Quercetin Y = 0.8367X – 0.0269 0.9993 0.01-40 0.03/0.01 1.28 1.67 5.31
Phenolic acid
Gallic Y = 0.5952X + 0.0057 0.9999 0.04-40 0.12/0.04 2.17 2.26 3.62
2,4 dihydroxybenzoic Y = 1.1111X – 0.0038 0.9999 0.02-10 0.06/0.02 1.88 5.86 5.23
Caffeic Y = 1.5040X + 0.1045 0.9981 0.08-10 0.24/0.08 5.41 6.29 6.42
Chlorogenic Y = 2.0099X + 0.0391 0.9989 0.01-10 0.03/0.01 5.31 2.26 1.10
Resveratrol Y = 0.1976X + 0.0003 0.9972 0.01-10 0.03/0.01 0.64 5.52 1.53

*Dp = delphinidin; Cyn = cyanidin; Pet = petunidin; Peo = peonidin; Mv = malvidin; gal = galactoside; glc = glucoside; ara = arabinoside, RSD = relative standard deviation

Table 3

Quantitative analytical results of anthocyanins and other phenolic metabolites in six-pink fruited blueberries and lowbush blueberry by LC-MS (µg/g DW)

Phenolic compound Pink-Lemonade (PLE) Pink-Champagne (PCH) Florida Rose 


US 2117 US 2211 US 2235 Lowbush
1 Dp-3-gal* 265.1 163.3 63.6 194.1 28.4 223.8 1017
2 Dp-3-glc* 52.3 182.2 48.6 28.5 (BQL) 465.9 3134
3 Cyn-3-gal* 133.5 60.8 44.6 67.6 (BQL) 75.7 858.2
4 Dp-3-ara 418.7 381.5 120.8 397.2 73.7 458.1 1266
5 Cyn-3-glc* (BQL) 21.3 (BQL) (BQL) —– 33.2 476.0
6 Cyn-3-ara* 129.7 74.9 36.7 65.9 (BQL) 978.0 648.8
7 Pet-3-gal (BQL) (BQL) (BQL) 88.7 (BQL) 109.7 415.7
8 Pet-3-glc* (BQL) 55.8 (BQL) (BQL) 151.4 820.2
9 Peo-3-gal (BQL) (BQL) (BQL) (BQL) (BQL) (BQL) 136.1
10 Pet-3-ara (BQL) (BQL) (BQL) 92.7 (BQL) 136.8 332.3
11 Peo-3-glc* —– (BQL) (BQL) —– —– 29.9 330.3
12 Mv-3-gal* (BQL) 135.7 13.1 117.9 67.6 228.8 1030
13 Mv-3-glc* —– 54.7 (BQL) (BQL) —– 179.6 1028
14 Mv-3-ara (BQL) 208.7 (BQL) 142.0 (BQL) 252.5 895.1
15 Dp-3-(ac-glc) —– (BQL) —– —– —– (BQL) 772.5
16 Pet-3-(ac-gal) —– —– —– —– —– —– (BQL)
17 Peo-3-(ac-gal) —– —– —– —– —– —– (BQL)
18 Cyn-3-(ac-glc) —– (BQL) —– —– —– (BQL) 242.0
19 Mv-3-(ac-gal) —– (BQL) —– (BQL) (BQL) —– 268.7
20 Pet-3-(ac-glc) —– (BQL) —– —– —– (BQL) 268.1
21 Peo-3-(ac-glc) —– (BQL) —– —– —– .. (BQL)
22 Mv-3-(ac-glc) —– (BQL) —– (BQL) —– (BQL) 589.6
Total 999.3 1339 327.4 1195 169.7 3323 14529
23 Procyanidin B1* 207.2 82.6 125.2 177.9 102.2 98.2 125.1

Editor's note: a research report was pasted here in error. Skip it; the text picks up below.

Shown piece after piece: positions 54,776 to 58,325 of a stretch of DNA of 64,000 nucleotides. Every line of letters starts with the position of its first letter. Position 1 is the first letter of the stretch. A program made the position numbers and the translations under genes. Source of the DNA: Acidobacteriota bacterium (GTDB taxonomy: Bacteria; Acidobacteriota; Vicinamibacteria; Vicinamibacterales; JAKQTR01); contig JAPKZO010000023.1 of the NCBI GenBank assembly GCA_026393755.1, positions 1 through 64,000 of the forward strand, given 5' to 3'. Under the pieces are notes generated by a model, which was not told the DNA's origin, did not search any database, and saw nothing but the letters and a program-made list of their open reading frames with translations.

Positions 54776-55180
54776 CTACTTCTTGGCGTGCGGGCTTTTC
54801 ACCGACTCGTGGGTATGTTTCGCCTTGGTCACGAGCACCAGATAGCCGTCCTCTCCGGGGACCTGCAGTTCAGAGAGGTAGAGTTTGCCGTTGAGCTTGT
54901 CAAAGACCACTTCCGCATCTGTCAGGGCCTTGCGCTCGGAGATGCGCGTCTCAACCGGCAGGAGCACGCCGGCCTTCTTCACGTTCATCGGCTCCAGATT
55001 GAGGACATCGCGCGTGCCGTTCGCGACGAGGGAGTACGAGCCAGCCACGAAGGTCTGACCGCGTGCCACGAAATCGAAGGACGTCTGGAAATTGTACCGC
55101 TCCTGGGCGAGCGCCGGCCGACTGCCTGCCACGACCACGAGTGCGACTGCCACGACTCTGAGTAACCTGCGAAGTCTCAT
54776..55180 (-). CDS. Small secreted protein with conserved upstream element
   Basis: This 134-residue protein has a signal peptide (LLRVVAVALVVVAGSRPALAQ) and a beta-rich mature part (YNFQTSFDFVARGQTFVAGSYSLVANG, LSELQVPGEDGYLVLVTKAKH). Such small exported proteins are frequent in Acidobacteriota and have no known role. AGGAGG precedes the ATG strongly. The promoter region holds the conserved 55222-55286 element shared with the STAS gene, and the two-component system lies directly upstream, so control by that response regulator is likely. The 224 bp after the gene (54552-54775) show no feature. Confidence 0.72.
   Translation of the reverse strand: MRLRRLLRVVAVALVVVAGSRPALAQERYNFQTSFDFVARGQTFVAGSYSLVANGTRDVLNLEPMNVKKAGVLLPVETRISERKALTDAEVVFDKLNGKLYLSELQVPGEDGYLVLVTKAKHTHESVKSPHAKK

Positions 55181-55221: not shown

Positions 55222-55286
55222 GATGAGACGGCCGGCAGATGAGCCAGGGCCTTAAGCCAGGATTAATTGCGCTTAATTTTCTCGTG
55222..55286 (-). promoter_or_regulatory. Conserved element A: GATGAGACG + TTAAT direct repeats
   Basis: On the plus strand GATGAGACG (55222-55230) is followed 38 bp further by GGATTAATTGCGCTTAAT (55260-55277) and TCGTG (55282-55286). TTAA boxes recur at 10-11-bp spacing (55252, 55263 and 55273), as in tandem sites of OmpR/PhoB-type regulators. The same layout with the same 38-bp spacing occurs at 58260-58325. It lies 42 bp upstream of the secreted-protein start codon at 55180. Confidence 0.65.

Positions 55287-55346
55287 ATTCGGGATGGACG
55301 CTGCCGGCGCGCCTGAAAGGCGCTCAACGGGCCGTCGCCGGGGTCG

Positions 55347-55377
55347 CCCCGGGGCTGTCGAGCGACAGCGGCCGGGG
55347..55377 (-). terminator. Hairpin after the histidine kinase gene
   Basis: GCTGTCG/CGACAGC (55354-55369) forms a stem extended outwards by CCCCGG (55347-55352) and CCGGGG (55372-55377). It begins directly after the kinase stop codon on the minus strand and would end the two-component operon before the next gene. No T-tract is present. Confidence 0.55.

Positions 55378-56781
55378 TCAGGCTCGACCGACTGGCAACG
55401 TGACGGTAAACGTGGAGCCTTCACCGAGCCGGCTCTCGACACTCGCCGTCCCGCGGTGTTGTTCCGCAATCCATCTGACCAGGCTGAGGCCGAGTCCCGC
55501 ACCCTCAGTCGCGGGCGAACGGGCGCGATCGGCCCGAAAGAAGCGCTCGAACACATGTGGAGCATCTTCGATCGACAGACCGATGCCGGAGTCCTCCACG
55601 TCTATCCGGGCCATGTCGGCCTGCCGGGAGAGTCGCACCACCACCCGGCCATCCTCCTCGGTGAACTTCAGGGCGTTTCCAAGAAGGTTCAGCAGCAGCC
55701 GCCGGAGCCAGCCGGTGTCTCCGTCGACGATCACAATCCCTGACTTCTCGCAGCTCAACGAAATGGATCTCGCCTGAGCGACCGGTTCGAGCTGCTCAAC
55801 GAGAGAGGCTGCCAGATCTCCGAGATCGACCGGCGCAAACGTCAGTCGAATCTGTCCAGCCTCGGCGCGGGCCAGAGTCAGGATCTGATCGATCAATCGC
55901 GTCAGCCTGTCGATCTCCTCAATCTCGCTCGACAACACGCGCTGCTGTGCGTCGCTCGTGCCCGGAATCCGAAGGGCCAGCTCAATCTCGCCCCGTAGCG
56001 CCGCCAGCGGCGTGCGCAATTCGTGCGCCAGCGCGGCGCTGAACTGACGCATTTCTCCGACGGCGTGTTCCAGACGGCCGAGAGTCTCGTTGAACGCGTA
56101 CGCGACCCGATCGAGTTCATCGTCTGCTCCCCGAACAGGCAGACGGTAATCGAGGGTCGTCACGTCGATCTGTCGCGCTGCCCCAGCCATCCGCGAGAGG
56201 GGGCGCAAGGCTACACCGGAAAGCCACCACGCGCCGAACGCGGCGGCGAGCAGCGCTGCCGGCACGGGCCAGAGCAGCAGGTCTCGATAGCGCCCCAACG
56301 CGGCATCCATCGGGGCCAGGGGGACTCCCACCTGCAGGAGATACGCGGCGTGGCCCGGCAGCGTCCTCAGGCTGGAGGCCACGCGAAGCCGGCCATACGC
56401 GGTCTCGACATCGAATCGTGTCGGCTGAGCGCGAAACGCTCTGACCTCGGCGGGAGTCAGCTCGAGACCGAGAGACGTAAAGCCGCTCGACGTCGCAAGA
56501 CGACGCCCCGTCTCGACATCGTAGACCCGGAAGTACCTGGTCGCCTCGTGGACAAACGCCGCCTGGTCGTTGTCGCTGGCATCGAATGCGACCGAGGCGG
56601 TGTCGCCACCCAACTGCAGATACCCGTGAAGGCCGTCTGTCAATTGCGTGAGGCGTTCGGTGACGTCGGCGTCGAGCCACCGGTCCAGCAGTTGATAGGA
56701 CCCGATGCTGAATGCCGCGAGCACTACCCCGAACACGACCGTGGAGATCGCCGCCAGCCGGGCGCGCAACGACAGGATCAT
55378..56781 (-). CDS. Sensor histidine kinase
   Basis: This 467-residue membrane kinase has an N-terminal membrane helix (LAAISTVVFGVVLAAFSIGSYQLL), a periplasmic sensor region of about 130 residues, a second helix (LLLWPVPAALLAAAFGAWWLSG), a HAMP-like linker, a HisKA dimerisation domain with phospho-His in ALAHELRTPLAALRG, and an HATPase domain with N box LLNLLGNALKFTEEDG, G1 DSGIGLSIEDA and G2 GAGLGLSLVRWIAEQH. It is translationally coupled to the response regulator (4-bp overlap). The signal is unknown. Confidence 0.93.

24 Catechin* 259.9 131.1 202.9 203.9 179.1 139.3 117.5
25 Procyanidin B2* 65.9 54.3 98.7 51.0 30.0 25.1 72.0
26 Epi-catechin* 55.6 53.5 109.9 57.1 40.3 26.0 74.6
Total 588.6 321.5 536.7 489.9 351.6 288.6 389.2
27 Myrcetin-glc* 121.8 71.9 65.2 172.2 29.1 26.5 130.5
28 Quercetin-glc/gal* 27.1 74.0 15.9 248.9 75.4 107.1 189.8
29 Quercetin-ara* 140.4 —– 82.6 167.4 60.2 275.4 53.3
30 Kampferol-glc* 242.5 —– 441.0 271.6 79.5 475.3 —–
31 Syringetin-glc* —– 10.0 10.9 5.65 7.9 4.17 181.8
32 Quercetin* 15.4 5.6 7.52 13.1 7.8 5.72 12.2
Total 547.2 161.5 623.12 878.85 259.9 894.19 567.6
Phenolic acids
33 Gallic* 5.4 3.3 2.80 2.60 0.05 1.47 3.51
34 2.4 Hyroxybenzoic* 66.3 36.7 62.6 50.7 52.2 39.4 72.7
35 Caffeic* 35.8 —– 29.0 —– 27.1 —– 23.7
36 Chlorogenic* 3311 1492 2698 2586 2088 3020 4150
37 Resveratrol* 0.4 0.1 0.47 0.33 0.12 0.68 1.15
Total phenolics 5554 3354 4280 5203 2949 7568 19737

* Reference standards available. Dp = delphinidin; Cyn = cyanidin; Pet = petunidin; Peo = peonidin; Mv = malvidin; gal = galactoside; glc = glucoside; ara = arabinoside; Anthocyanin compounds, with no reference standard available, were quantified as the closest anthocyanin compound having the same aglycone. BQL= detected but below quantification limit

Figure Captions

Fig. 1 The extracted ion chromatograms (EIC) of phenolic metabolites by LC-IT-TOF-MS showing a mixture of 24 standard references (a), and of all compounds quantified in lowbush wild blueberry (b).

Fig. 2 Effect of blueberry extracts on reactiveoxygen species (ROS) and nitric oxide (NO) production (A and B) and on proinflammatory gene expression (C-F) in the LPS-stimulated RAW264.7 macrophage cells. Cells were treated with pink blueberry extracts (250 µg/mL) and lowbush blueberry (50 µg/mL) for 1 h, and stimulated with lipopolysaccharide (LPS, 1 μg/mL), then incubated for 18 h. Changes in gene expression were measured by comparing mRNA quantity relative to LPS. Vehicle values were obtained in the absence of LPS or test samples; dexamethasone (DEX) was used as positive control at a concentration of 10 μM. Results were expressed as means ± SEM, n = 2 experiments. *p < 0.05, **p < 0.01, ***p < 0.001 ****p < 0.0001 vs. the LPS treated group. One-way ANOVA, Dunnett’s post hoc test. PLE = Pink Lemonade; PCH = Pink Champagne; FLR = Florida Rose.